Article - Issue 72, September 2017
From junk to spectacle
Abigail Beall, Bertie Cole and Pip Rush
The Arcadia Spider was designed to be a fully immersive stage, incorporating music, pyrotechnics, animatronics and acrobatic performances. It is made from recycled materials found in scrapyards and some of its performances are fueled by biodiesel rather than gas or petrol © Luke Taylor
Synonymous with Glastonbury Festival, where it attracts thousands of partygoers each evening, the 15-metre-high Arcadia ‘Spider’ is an impressive, if unusual, example of engineering. Science writer Abigail Beall spoke to Arcadia Co-founders Bertie Cole and Pip Rush about how the Spider was created.
As the clock strikes midnight on each night of the Glastonbury music festival, those who make it to the Arcadia stage are treated to a spectacular show. In front of their eyes, a 15-metre-high, 50 tonne, mechanical, fire-breathing ‘alien’ spider hosts a DJ in its thorax, shooting out lasers and sparks while smaller metal spiders crawl overhead. In the middle of the dark field, flame-throwers, cannons and lasers operate in time with ground-shaking music, while sporadic blasts of heat produce shockwaves so powerful that they almost knock you over.
The Spider is not just an impressive spectacle; it is a unique example of engineering that is built almost completely from recycled material. The pair behind the creation, Pip Rush and Bertie Cole, have toured the world, impressing crowds with their machine ever since they created it in 2010. The Spider has been evolving with the; at each step along the way, the stage is shaped by the materials the pair can find locally in scrapyards.
THE LIFE OF THE SPIDER
A form of the Arcadia stage now so familiar to Glastonbury-goers first appeared at the festival in 2007. The company responsible for the stage, Arcadia Spectacular, began as a small group of engineers based in Bristol. Rush and Cole got their big break from Glastonbury’s founder Michael Eavis CBE, who invited the company to set up a stage on his land.
Cole, the head engineer on the project, has worked in engineering since leaving school, when he went straight into a position working with tensile structures (a construction of elements carrying only tension and no compression or bending). Rush’s background is in design: he had worked for years in his brother’s Mutoid Waste Company, which specialised in designing structures out of materials found in scrapyards.
Rush and Cole combined their love for engineering and design with their enthusiasm for partying and dancing. Their original idea was for a 360-degree show that thousands could experience, with performers and animatronics moving over people’s heads. Working with re-purposed materials generated unexpected challenges, some of which helped shape an evolving creative vision. Being unable to design a stage without first finding the materials to create it meant that the team had to work around the very specific shapes they managed to find in junkyards.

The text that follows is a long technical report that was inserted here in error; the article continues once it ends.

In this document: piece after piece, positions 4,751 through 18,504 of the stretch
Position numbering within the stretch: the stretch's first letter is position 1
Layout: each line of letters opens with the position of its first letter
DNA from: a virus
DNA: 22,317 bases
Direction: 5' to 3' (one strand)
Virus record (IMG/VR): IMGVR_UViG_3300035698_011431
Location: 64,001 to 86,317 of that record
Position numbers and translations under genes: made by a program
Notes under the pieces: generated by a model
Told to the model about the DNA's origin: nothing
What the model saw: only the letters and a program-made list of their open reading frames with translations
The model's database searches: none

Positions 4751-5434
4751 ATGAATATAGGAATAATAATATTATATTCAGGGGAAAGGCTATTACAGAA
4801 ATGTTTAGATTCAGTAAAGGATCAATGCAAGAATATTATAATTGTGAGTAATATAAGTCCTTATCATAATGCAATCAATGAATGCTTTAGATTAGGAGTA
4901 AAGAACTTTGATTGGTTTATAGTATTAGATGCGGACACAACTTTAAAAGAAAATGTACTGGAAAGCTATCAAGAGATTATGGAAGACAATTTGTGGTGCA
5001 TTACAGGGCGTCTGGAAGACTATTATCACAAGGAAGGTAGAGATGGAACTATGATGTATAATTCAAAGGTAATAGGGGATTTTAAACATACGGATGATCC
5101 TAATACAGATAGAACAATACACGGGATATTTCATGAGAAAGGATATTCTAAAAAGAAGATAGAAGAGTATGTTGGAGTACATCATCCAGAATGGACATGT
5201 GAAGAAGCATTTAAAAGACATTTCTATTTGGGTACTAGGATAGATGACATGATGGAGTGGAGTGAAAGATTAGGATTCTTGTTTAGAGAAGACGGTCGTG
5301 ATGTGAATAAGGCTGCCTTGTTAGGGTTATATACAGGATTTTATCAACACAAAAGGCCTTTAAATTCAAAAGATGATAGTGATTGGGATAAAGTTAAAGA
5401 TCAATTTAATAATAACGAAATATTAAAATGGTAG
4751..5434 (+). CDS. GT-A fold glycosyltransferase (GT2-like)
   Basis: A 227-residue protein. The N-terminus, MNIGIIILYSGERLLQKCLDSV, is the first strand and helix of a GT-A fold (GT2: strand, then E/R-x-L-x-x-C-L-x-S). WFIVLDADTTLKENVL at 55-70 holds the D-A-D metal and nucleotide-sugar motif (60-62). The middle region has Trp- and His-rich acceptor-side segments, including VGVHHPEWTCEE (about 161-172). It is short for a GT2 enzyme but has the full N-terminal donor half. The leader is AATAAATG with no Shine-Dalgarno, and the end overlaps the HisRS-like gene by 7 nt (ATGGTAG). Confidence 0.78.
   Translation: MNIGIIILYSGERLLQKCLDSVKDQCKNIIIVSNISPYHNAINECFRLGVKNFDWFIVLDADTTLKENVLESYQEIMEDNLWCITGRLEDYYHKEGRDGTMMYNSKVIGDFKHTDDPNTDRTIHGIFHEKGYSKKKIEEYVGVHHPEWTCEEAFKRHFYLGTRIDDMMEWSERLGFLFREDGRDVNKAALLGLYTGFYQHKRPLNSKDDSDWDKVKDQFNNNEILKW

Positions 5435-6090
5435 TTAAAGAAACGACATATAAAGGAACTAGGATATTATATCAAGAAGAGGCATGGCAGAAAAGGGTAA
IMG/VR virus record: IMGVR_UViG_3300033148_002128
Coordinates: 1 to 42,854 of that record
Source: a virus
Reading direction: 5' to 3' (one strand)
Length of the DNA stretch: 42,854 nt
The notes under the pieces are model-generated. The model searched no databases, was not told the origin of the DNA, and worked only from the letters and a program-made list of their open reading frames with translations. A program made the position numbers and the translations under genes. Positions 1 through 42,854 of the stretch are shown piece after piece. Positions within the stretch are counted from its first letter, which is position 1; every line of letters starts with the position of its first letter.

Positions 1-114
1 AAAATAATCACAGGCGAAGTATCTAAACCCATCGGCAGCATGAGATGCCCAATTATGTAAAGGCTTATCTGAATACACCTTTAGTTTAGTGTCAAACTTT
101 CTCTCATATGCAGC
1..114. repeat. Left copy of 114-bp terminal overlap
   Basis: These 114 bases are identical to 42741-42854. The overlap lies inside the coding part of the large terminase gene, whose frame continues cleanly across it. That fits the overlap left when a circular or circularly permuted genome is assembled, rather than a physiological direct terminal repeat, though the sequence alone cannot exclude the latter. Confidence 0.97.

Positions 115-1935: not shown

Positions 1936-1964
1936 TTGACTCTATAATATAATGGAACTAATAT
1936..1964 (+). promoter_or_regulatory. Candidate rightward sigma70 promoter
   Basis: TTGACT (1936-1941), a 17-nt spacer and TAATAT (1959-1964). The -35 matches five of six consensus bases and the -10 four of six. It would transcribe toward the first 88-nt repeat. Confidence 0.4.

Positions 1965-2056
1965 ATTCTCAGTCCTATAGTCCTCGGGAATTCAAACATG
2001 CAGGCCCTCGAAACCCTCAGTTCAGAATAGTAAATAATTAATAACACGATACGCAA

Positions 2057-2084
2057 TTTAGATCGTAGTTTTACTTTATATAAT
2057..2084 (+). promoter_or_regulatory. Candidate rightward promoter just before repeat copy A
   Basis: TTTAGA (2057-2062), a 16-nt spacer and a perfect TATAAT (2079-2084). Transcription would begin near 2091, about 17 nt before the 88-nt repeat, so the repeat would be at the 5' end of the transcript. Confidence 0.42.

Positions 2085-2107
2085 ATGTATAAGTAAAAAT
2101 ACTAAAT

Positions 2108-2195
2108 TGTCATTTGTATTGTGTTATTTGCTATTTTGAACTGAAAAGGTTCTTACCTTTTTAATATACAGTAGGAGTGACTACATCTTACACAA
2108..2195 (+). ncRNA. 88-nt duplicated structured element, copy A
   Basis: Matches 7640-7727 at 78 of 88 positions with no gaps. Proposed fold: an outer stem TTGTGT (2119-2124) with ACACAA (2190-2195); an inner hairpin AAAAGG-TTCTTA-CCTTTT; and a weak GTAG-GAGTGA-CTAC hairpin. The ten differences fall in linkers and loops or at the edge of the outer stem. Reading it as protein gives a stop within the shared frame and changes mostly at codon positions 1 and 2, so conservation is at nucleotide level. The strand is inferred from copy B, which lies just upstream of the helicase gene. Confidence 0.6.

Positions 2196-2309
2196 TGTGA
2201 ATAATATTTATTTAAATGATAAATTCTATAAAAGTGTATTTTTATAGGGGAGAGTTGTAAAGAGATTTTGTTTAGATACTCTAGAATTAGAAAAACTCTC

The first stage they designed was called the Afterburner, which was made in a cowshed in Dorset. Built from metal the pair could find in scrapyards around England, it looked like a combination of a rocket and a post-apocalyptic church with parts of aeroplane sticking out of it. The stage proved popular when it first appeared at Glastonbury; its sound systems were hooked up to a variety of DJs, and Arcadia was born.
Arcadia has returned to every Glastonbury since. The familiar Spider stage debuted in 2010 after three scanning units from HM Customs and Excise security trucks were attached as legs to the original Afterburner stage. In 2012, spy plane engines were added to give it eyes. Cole explains that by reaching out into the audience, the legs provided a sense of immersion, while the eyes gave the stage character. Since then, lighting and special effects, including nine flame cannons and six lasers, have been used to further enhance the experience.
After the legs are attached to the Spider’s main body, a crane lifts them up so that they pivot and stabilise the structure (left). Ancillary components are attached using hydraulic platforms (right) © Giles Mayall
The Spider consists of a central body that includes the DJ booth and upper legs, which are made from helicopter tails. The three large lower legs are fixed to the body with a pivoting joint, designed so that the structure can easily be put together and taken apart. Once the three legs are connected, the team attaches a crane to each one with a pair of chains, which lifts the entire structure up evenly and allows the legs to pivot as it rises.
Because different ground surfaces provide varying levels of friction, the team does sometimes have to assist, using telescopic handlers to draw in the legs as the main body of the structure goes up. Once they are just above the design height, the three legs are connected with 20,000 kilograms of rated steel cables. As the tension is slowly let off the crane, the three legs push back against the cables. At this stage, the main structure is complete and the ancillary components are attached with the use of the crane, telescopic handlers or hydraulic platforms.
As the Spider is made mainly from materials found in scrapyards – at the 2017 festival over 90% of it was constructed from recycled material – putting the stage together not only requires engineering but also huge-scale improvisation.
When the team first developed the Spider, finding the three large ‘crane’ type components from the scanning machines immediately opened up the possibility of using them as legs and the other parts were designed around them. The legs were built to a far higher specification than was originally required. However, rather than downgrading them, all of the other components were manufactured to a matching size, allowing the structure’s payload to carry 10 tonnes more than its design required.
A lot of the materials that were used to build the stage are ex-military. In its current form, the control booth in the Spider’s abdomen is made of the turbine rotors from a TriStar jet engine. Cole and Rush trawl scrapyards to find the parts that they need and often find something unexpected that sparks an idea and takes their design in a completely new direction. The parts are often modelled using computer-aided software. This allows Cole and Rush to move the shapes around and see what is possible virtually, without having to transport huge machinery around.